Emotions run high as Hong Kong residents snap up final edition of Apple Daily

People queue up for last issue of Apple Daily at a newspaper booth at a downtown street in Hong Kong, on June 24, 2021. - AP

HONG KONG (Reuters): Hong Kong residents rushed in the early hours of Thursday (June 24) to snap up copies of the final edition of pro-democracy newspaper Apple Daily, which was forced to end its 26-year run after it became embroiled in a national security crackdown.

Emotions ran high as supporters of the popular newspaper, which has faced an unrelenting squeeze since its owner and staunch Beijing critic, Jimmy Lai, was arrested under the security law in August 2020, queued for their last copies just after midnight.

"I couldn't sleep well for the past few nights," said Tse, 60, a former medical worker, who leaned on a cart to support herself as she queued outside a newspaper vendor in the working class district of Mong Kok early Thursday.

"I hope the reporters can stay true to their faith and keep working hard."

Queues stretched at newsstands across the city early Thursday after an emotional final print run at the headquarters of the newspaper, which was forced to shut down after authorities froze its assets as part of a national security probe.

"(After) today, there is no press freedom in Hong Kong... I cannot see any future in Hong Kong," said Dickson Ng, 51, a designer at Apple Daily.

"I feel very disappointed and angry today. I don't understand why our limited group, company, and the newspapers were forced to stop operating under such circumstances."

In anticipation of robust demand for its final print run, Apple Daily, which mixes pro-democracy views with celebrity gossip and investigations of those in power, printed 1 million copies on Thursday, more than 10 times its usual print run.

The shutdown deals the most serious blow yet to Hong Kong's media freedoms and could potentially destroy its reputation as an open and free media hub after Beijing imposed the security law on the global financial centre last year, press advocacy groups say.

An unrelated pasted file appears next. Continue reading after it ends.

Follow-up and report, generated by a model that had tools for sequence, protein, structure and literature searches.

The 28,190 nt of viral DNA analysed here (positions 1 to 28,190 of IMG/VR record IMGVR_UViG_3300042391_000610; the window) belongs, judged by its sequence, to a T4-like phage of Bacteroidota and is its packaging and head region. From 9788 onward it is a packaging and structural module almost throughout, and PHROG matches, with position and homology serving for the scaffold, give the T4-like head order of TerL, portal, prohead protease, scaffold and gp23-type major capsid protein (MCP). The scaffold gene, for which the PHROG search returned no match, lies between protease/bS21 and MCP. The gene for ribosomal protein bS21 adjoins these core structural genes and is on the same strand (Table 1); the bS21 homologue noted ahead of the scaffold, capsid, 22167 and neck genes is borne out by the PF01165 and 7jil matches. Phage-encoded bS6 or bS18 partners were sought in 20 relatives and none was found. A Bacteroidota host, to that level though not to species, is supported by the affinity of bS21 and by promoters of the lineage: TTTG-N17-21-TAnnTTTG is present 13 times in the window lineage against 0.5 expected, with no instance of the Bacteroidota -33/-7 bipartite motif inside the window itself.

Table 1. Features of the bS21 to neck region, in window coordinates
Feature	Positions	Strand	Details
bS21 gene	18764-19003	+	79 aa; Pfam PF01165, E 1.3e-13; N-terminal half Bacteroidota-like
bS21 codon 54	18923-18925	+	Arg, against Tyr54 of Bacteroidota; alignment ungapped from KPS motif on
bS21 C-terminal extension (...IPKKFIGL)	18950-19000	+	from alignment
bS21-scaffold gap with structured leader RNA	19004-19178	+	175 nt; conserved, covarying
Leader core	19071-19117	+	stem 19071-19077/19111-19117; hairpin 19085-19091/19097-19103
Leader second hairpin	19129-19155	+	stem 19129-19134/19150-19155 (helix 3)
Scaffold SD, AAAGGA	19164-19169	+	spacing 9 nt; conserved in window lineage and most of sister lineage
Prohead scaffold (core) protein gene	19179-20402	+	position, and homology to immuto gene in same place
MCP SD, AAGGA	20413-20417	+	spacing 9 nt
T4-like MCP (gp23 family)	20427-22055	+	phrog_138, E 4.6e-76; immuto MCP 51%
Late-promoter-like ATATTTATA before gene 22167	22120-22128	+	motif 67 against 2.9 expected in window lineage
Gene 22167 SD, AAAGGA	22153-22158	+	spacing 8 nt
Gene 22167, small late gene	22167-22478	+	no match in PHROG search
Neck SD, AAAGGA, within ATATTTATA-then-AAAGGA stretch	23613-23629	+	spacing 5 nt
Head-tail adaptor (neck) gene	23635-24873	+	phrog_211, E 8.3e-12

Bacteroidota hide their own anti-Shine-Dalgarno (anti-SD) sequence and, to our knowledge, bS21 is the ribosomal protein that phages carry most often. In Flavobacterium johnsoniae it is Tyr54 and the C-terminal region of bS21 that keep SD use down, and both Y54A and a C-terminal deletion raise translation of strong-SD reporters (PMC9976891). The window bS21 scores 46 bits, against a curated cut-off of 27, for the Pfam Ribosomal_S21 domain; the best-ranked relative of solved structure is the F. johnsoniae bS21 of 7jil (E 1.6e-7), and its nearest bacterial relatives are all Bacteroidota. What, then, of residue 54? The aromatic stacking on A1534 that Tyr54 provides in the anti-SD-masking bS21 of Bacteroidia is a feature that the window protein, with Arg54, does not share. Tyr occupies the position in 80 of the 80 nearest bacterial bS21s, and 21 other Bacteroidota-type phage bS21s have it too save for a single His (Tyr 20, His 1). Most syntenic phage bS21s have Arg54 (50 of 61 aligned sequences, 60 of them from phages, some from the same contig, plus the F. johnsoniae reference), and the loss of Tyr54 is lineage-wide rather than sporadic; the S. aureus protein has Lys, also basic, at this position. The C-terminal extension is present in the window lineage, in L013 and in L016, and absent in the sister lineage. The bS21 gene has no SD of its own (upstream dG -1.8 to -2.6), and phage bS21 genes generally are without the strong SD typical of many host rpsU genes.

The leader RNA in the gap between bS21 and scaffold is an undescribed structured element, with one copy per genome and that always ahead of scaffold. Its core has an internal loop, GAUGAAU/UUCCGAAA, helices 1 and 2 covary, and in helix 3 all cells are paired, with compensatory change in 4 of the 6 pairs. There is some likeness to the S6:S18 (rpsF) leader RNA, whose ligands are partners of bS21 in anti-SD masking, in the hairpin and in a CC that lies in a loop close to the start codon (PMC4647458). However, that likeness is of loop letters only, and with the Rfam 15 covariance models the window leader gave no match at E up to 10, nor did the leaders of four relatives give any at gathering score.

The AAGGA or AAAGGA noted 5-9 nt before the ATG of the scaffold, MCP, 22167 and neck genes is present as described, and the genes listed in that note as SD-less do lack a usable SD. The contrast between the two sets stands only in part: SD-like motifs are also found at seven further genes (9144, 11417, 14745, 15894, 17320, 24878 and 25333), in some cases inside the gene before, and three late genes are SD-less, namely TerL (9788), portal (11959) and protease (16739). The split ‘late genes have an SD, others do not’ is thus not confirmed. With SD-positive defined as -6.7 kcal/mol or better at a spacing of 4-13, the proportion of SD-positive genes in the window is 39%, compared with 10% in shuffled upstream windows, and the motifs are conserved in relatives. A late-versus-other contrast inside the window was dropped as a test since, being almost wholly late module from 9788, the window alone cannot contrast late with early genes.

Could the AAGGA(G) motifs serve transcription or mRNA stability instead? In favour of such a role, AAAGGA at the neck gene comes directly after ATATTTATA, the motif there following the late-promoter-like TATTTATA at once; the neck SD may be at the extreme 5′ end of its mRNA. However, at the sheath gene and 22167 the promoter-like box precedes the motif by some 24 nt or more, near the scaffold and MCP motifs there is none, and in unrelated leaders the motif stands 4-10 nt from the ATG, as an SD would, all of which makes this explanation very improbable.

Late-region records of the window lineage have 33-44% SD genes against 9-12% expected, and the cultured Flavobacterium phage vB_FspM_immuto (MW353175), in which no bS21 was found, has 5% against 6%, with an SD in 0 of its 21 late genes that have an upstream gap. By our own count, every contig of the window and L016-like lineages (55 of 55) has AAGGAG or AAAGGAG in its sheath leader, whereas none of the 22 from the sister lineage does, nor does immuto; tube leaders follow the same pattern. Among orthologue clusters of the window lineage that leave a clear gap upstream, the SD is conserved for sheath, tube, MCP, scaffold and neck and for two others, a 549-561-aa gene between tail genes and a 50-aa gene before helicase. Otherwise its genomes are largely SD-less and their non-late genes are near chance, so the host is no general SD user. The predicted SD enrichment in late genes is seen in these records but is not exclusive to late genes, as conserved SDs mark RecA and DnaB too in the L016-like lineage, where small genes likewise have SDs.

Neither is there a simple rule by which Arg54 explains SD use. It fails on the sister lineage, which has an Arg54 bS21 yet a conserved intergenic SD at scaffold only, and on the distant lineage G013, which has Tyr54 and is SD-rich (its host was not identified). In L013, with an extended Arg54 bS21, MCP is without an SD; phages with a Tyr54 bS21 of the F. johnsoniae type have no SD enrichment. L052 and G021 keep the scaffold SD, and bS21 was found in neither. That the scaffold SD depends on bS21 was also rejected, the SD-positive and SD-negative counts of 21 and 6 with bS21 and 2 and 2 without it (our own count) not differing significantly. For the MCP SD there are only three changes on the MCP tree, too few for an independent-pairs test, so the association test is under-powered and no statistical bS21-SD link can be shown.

Critics of the law say it's being used to crush dissent in the former British colony, which authorities in Beijing and Hong Kong reject. Hong Kong and mainland officials have repeatedly said media freedoms are respected but are not absolute.

The Chinese foreign ministry said rights and freedoms could not jeopardise national security.

"I want to emphasise, Hong Kong is a society that has rule of law. Everyone is equal in front of the law, no one or no organisation is above the law," a spokesperson for the ministry said. "All rights and freedom, including media freedom, cannot go beyond the bottom line of national security."

Last week, 500 officers raided the newspaper's headquarters, with live feeds showing authorities sifting through reporters' notes and other journalistic material in scenes that drew international condemnation.

Five executives were arrested and two - chief editor Ryan Law, 47, and Cheung Kim-hung, 59 - were charged with conspiracy to commit collusion with a foreign country and denied bail. On Wednesday, a 55-year-old columnist for the paper was also arrested under the national security law.

Authorities also froze the assets of companies related to Apple Daily, which senior executives said left it unable to operate.

Lai has emerged as one of the highest-profile targets of the new law and is facing three national security charges, including colluding with a foreign country.

He has been in detention since December, denied bail under the security law and already serving several sentences for taking part in unauthorised rallies, including during the global financial hub's mass pro-democracy protests in 2019.

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